Reutimann opens up after Earnhardt clash
Last week at New Hampshire, Dale Earnhardt Jr. was having his best run since the Michigan Sprint Cup race a month ago.
Earnhardt competed in the top 10 for much of the day until Lap 283 in the Sylvania 300, when David Reutimann slid into the No. 88 Chevrolet and ended Earnhardt's day prematurely.
Reutimann felt the ire of Earnhardt in his postrace comments.
"He ain't got enough talent to run in the top five I guess," said Earnhardt, who finished 35th.
But it wasn't nearly as bad as Reutimann felt when he saw the No. 88 spinning in his rearview mirror.
"I felt sick about it," Reutimann said. "Our car was really, really loose — particularly in the corners. I got into Jeff Burton earlier, then we all got jammed up. The car got loose on the entry of the corner. It was evil. It jumped sideways and I wrecked him.
"I don't want to wreck anyone — particularly Dale Jr. I was just hoping he didn't hit anything or get hurt. It doesn't feel good when you hit someone, particularly when that driver is having a good run. I have a lot of respect for my fellow competitors. I just can't get over it. It really bothers me."
That's why Reutimann went in search of Earnhardt following last Sunday's race. He didn't want the situation to fester. Reutimann accepted full responsibility for the incident. And he wasn't going to take the cowardly route and call Earnhardt on the phone or send a text.
"I got off the golf cart and he was still pretty hot," Reutimann said. "I understand that. You just don't get over it after racing your guts out all day. I went up to him and I expected him to be upset.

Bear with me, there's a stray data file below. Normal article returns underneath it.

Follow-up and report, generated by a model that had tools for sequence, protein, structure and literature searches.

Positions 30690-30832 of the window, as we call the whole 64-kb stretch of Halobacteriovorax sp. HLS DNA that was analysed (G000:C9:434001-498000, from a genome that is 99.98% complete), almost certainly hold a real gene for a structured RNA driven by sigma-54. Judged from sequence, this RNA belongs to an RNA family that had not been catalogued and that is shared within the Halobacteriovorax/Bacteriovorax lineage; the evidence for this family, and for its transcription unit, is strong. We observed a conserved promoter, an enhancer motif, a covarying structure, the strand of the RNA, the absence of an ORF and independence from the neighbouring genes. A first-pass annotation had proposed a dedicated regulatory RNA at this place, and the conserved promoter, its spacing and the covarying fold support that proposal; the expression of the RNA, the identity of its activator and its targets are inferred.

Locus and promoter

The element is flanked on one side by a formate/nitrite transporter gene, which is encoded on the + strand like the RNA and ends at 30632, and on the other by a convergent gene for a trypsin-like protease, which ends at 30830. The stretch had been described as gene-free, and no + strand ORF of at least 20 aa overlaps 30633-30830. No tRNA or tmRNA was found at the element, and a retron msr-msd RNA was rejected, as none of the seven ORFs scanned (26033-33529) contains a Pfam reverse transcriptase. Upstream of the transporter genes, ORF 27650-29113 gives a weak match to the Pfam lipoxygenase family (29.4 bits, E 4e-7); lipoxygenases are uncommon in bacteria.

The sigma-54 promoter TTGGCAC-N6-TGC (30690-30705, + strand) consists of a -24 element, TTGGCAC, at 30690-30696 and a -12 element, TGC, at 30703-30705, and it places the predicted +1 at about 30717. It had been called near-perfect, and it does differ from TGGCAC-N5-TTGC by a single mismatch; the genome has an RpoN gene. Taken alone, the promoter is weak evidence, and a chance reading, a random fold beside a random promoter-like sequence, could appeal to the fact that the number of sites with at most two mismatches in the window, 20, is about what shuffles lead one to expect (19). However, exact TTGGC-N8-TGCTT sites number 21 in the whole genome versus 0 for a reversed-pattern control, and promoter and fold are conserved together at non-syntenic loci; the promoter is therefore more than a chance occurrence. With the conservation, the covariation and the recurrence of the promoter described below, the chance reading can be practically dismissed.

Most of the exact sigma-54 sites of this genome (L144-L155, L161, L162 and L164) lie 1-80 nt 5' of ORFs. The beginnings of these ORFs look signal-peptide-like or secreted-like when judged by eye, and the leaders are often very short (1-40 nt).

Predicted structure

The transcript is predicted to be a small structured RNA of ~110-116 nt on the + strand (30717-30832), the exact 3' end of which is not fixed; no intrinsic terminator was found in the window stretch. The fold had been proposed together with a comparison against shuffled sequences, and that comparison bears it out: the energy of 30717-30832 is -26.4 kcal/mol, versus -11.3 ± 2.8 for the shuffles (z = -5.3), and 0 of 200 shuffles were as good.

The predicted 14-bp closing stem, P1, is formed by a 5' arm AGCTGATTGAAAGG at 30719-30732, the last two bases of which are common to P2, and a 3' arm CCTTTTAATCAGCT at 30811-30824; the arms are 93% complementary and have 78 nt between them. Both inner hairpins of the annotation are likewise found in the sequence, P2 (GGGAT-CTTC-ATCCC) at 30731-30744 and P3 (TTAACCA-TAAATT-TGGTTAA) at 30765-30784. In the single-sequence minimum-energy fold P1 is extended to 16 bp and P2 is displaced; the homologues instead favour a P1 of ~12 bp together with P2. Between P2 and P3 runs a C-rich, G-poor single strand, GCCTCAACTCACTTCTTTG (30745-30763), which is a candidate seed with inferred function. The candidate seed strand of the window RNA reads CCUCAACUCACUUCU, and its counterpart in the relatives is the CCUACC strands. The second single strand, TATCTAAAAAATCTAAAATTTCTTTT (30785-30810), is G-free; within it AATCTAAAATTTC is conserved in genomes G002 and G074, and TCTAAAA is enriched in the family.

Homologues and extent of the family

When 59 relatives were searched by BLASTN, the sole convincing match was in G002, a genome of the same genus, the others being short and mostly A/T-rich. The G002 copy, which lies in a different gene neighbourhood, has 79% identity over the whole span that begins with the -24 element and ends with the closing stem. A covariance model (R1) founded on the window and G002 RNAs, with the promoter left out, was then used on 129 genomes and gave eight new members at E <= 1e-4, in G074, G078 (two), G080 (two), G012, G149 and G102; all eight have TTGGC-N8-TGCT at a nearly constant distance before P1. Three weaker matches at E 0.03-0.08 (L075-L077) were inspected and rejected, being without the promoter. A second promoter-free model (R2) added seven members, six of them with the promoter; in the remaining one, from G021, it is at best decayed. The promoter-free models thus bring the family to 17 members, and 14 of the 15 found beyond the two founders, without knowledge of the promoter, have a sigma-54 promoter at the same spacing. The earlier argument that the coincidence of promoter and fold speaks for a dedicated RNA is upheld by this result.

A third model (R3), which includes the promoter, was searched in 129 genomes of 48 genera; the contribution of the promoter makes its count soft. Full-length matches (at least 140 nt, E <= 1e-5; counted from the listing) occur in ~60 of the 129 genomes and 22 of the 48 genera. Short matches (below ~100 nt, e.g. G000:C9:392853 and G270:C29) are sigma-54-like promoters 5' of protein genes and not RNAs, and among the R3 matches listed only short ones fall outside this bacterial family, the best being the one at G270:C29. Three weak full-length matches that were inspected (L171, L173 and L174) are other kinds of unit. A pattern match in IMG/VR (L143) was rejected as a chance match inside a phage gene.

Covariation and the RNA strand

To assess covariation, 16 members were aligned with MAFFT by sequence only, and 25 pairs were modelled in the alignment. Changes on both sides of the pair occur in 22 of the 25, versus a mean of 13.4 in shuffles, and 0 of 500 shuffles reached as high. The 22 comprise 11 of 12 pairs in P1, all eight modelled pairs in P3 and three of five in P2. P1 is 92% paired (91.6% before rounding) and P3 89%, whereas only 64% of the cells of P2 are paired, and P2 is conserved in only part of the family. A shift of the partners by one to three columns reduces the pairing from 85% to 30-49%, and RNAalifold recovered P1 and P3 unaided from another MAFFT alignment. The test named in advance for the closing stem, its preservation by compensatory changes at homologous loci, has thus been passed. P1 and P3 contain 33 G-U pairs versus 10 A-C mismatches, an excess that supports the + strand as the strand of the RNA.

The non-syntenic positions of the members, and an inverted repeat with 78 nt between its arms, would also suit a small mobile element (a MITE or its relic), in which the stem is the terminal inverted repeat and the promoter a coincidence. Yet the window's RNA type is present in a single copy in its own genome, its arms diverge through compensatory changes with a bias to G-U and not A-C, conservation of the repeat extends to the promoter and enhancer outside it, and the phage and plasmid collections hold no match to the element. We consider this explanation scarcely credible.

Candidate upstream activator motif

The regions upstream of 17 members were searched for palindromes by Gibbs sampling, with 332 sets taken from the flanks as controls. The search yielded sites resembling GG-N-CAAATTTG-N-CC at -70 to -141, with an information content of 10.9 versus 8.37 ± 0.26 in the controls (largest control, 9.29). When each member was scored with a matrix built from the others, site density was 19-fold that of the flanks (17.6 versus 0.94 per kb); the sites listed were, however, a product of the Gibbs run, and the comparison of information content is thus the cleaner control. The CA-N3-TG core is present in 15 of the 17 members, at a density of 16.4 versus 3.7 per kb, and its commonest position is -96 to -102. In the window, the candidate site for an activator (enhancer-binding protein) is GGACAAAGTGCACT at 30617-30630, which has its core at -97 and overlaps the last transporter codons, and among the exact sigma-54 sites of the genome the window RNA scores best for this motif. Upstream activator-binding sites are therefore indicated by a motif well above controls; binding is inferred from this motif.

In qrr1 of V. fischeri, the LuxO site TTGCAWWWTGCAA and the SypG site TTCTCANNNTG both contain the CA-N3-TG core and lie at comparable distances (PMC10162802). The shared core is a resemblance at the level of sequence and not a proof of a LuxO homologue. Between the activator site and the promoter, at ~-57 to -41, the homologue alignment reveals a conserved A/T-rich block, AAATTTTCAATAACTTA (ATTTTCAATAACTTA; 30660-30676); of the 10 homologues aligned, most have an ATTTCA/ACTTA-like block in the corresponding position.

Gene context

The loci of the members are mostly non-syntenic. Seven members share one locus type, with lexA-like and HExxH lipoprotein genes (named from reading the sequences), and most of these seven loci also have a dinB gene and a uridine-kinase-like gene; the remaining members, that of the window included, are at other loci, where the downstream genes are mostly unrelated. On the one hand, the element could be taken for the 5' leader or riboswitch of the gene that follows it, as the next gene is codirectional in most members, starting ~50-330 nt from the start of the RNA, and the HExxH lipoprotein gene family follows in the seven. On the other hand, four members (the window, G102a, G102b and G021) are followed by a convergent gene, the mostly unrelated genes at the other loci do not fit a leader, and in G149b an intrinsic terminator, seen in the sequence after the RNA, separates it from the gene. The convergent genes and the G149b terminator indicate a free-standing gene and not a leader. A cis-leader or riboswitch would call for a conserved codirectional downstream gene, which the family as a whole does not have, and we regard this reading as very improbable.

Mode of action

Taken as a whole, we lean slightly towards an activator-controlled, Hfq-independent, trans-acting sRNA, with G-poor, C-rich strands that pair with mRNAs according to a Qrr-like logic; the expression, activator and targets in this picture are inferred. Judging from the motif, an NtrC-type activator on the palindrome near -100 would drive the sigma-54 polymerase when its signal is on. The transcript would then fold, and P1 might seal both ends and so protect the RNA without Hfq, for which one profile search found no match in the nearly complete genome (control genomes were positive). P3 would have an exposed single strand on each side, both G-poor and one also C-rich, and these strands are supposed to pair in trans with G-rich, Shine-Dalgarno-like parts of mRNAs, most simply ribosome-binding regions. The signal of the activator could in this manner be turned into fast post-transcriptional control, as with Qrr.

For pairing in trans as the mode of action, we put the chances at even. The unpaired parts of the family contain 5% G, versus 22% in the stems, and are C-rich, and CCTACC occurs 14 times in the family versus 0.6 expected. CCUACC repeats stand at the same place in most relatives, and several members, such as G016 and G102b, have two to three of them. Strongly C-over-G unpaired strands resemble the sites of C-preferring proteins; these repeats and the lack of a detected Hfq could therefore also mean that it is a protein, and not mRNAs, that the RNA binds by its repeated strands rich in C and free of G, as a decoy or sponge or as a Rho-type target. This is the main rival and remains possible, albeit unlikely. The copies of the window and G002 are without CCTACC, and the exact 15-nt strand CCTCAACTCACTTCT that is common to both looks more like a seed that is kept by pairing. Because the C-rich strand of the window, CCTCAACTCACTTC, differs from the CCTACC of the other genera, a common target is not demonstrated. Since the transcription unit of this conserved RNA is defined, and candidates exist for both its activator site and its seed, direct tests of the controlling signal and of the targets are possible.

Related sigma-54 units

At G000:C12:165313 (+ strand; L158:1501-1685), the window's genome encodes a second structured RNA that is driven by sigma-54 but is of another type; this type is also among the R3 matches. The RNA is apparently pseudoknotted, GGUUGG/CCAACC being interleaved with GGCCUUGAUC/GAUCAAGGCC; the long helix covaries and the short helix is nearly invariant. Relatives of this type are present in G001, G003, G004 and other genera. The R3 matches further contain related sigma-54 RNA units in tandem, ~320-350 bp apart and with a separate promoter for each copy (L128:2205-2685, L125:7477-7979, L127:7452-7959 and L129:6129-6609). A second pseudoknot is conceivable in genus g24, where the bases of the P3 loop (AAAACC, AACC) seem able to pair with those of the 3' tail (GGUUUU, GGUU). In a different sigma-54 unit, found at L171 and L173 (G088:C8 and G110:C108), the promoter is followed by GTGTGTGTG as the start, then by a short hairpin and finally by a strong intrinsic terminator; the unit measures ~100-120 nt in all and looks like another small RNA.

"But that should never stop another racer from going up and looking a man straight in the eye and apologizing. That's what I've always tried to do no matter what series I've raced in."
The third generation racer understands some of the pressure that Earnhardt feels. Reutimann's father Buzzie is a dirt track hall-of-famer who was revered among weekend warriors. Reutimann was legendary around short tracks in the Northeast. And although the younger Reutimann spent plenty of nights witnessing his father's talent, there were many days when Buzzie wasn't there.
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Reutimann, 39, worked on his own and other's equipment before he finally got the opportunity at a full-time Cup ride in 2007 with Michael Waltrip Racing. Before then Reutimann raced when he could afford to and often heard the comparisons to his father from the first time he climbed in a race car.
"Obviously, everyone knows Junior's upbringing — at least the highly visible part," Reutimann said. "But we really had similar paths. There's a lot that's different but there's a lot that's similar.
"You didn't have to be a race fan to know who Dale Earnhardt was, and although my father didn't have that level of notoriety, he had a strong following. From an early age the fans would say to me, 'You're a Reutimann. You should run the way your dad does.' Here you are hauling butt, doing everything you can do but it's still not enough."
Reutimann was clear that he didn't want to presume what Earnhardt feels. Certainly, the pressure that falls on NASCAR's Most Popular Driver in and out of the car is extreme. As a fellow racer, Reutimann knows that "people expect a lot out of (Earnhardt) but he expects a lot out of himself."
"Every driver wants approval," Reutimann said. "You want approval from your team, you want approval from your competitors and you want approval from the sponsors and fans. Approval and respect are very difficult to earn and even harder to get back.
"Kyle (Busch) gets quite a reaction from the fans. He may act like he doesn't care publicly but I can't believe that that doesn't get to you over time. It has to hurt a little bit. I haven't had a negative response from the fans yet — but that could change this weekend (laughs). You have to admire Junior fans for being as passionate as they are. That's pretty special."